Rowland Ward Antique Diorama of full mount Leucistic (colour morph) Badger (Meles Meles). Species preconvention 01/06/1947 can be commercialised in accordance with rule n°338/97 CE dated 09/12/1996.

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Rowland Ward Antique Diorama of full mount Leucistic (colour morph) Badger (Meles Meles). Species preconvention 01/06/1947 can be commercialised in accordance with rule n°338/97 CE dated 09/12/1996.
Rowland Ward Antique Diorama of full mount Leucistic (colour morph) Badger (Meles Meles). Species preconvention 01/06/1947 can be commercialised in accordance with rule n°338/97 CE dated 09/12/1996.
Rowland Ward Antique Diorama of full mount Leucistic (colour morph) Badger (Meles Meles). Species preconvention 01/06/1947 can be commercialised in accordance with rule n°338/97 CE dated 09/12/1996.
  • Load image into Gallery viewer, Rowland Ward Antique Diorama of full mount Leucistic (colour morph) Badger (Meles Meles). Species preconvention 01/06/1947 can be commercialised in accordance with rule n°338/97 CE dated 09/12/1996.
  • Load image into Gallery viewer, Rowland Ward Antique Diorama of full mount Leucistic (colour morph) Badger (Meles Meles). Species preconvention 01/06/1947 can be commercialised in accordance with rule n°338/97 CE dated 09/12/1996.
  • Load image into Gallery viewer, Rowland Ward Antique Diorama of full mount Leucistic (colour morph) Badger (Meles Meles). Species preconvention 01/06/1947 can be commercialised in accordance with rule n°338/97 CE dated 09/12/1996.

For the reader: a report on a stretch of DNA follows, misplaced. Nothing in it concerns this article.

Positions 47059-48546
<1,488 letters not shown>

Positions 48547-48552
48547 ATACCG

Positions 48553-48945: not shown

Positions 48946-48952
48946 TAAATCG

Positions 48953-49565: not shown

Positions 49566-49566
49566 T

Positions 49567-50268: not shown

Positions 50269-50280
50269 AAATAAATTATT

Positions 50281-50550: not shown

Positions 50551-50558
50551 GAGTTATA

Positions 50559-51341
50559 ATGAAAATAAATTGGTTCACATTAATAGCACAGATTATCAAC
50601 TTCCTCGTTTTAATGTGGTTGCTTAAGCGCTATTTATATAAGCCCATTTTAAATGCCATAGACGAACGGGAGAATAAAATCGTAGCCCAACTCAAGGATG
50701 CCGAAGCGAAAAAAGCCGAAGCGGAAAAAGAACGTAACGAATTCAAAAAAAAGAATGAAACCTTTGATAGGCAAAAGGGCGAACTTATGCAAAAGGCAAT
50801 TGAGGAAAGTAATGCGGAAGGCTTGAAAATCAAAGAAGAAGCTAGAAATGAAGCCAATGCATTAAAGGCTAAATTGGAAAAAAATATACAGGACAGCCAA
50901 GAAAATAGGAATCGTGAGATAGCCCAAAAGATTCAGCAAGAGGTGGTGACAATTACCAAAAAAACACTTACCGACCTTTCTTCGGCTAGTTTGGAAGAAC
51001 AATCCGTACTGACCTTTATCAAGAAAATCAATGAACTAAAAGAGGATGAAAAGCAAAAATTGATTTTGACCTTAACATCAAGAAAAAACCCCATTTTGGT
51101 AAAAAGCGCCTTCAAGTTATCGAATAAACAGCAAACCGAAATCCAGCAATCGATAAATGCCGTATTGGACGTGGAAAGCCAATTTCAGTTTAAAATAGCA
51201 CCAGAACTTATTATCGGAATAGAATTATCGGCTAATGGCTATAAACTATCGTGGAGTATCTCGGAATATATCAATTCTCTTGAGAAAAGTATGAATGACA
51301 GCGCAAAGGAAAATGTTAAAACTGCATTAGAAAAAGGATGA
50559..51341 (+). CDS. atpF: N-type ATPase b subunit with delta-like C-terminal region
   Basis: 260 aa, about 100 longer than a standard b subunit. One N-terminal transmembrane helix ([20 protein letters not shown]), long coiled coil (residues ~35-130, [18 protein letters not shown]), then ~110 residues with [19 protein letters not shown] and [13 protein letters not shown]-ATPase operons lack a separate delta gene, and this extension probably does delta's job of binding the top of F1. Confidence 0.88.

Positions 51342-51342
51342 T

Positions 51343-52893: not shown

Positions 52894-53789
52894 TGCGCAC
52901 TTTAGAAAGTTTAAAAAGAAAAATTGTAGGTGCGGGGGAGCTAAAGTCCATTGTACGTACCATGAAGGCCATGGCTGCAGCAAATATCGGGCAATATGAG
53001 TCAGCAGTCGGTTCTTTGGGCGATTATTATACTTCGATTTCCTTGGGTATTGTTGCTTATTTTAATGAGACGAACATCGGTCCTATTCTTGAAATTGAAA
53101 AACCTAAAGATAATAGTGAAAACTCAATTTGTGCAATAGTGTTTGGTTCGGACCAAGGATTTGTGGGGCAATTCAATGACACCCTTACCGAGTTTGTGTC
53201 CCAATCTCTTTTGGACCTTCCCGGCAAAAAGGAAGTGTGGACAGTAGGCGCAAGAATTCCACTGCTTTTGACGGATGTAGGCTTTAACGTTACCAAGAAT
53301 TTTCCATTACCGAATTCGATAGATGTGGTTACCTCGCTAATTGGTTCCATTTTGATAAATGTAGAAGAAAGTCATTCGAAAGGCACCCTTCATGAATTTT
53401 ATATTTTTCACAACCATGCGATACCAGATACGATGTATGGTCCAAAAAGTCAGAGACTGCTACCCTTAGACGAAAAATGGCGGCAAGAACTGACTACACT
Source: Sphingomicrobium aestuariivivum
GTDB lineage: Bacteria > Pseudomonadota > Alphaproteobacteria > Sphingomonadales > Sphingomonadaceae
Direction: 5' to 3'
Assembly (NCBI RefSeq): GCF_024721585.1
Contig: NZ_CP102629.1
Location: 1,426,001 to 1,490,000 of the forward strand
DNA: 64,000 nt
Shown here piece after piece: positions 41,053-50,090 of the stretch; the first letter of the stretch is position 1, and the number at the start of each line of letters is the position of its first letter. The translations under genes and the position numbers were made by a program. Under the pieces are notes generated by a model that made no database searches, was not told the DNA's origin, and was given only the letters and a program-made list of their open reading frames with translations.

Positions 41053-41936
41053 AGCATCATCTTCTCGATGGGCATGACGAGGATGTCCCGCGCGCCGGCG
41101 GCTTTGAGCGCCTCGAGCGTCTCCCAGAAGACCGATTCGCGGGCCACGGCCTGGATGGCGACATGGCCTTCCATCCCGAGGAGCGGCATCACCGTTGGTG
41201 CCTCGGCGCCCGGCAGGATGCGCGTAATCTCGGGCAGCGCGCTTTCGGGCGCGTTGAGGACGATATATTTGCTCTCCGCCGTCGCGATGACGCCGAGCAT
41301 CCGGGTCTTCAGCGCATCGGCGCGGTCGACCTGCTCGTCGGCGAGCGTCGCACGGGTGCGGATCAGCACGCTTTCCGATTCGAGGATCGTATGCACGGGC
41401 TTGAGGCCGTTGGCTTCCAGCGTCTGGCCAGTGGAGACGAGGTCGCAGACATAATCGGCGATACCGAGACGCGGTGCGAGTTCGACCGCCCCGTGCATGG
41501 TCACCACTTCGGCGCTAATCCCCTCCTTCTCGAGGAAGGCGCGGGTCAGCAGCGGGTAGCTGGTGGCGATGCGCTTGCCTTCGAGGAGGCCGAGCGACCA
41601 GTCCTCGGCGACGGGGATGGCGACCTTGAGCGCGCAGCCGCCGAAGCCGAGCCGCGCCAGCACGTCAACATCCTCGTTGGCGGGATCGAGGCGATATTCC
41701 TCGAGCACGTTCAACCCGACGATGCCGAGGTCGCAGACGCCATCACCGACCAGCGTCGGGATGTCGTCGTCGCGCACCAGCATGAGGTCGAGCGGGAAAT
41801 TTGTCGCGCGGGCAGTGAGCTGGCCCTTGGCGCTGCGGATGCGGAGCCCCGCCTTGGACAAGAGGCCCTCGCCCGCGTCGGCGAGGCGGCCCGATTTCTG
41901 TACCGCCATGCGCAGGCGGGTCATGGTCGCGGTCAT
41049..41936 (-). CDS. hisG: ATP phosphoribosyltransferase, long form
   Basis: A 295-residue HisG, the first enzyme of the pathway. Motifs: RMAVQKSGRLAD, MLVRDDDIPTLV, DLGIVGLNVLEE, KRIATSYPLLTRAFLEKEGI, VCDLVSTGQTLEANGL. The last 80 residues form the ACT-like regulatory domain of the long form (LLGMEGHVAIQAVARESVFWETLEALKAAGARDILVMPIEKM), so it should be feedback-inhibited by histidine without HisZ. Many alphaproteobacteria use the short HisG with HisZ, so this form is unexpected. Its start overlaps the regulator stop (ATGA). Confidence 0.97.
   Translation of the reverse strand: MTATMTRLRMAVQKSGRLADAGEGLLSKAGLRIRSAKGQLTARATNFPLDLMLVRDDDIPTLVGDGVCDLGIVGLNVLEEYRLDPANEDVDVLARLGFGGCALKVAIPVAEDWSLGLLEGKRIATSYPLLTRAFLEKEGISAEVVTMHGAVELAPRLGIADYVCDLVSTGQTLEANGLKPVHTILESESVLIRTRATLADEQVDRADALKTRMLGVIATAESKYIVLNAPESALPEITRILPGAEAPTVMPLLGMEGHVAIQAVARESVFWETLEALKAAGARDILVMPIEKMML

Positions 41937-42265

Tax included.

The badger is an omnivorous mammal with short legs for digging. He has an elongated, weasel-like head with small ears. This specimen is a European badger or Meles meles and is bigger than his American counterparts. The female badger in the showcase has a deviation in its pigmentation, which the light spots on its coat can notice. Such an animal with partial loss of pigmentation is called leucistic. Unlike people with albinism who have no pigmentation, leucistic badgers don't have red eyes but black ones.

The taxidermist who handled the animal was James Rowland Ward (London, 1848-1912). He learned the trade from his father and opened his own company, "Rowland Ward Limited" in London. He mainly made a name for himself with his taxidermy birds and large animal trophies. But he was all-around and also designed furniture with animal parts. Today one can also read natural history publications by his hand. The small label at the bottom lest of the display case gives away the origin of the animal, namely Hampshire Farm. The ensemble can be dated around 1920.

Dimensions 60cm x 85cm x 40cm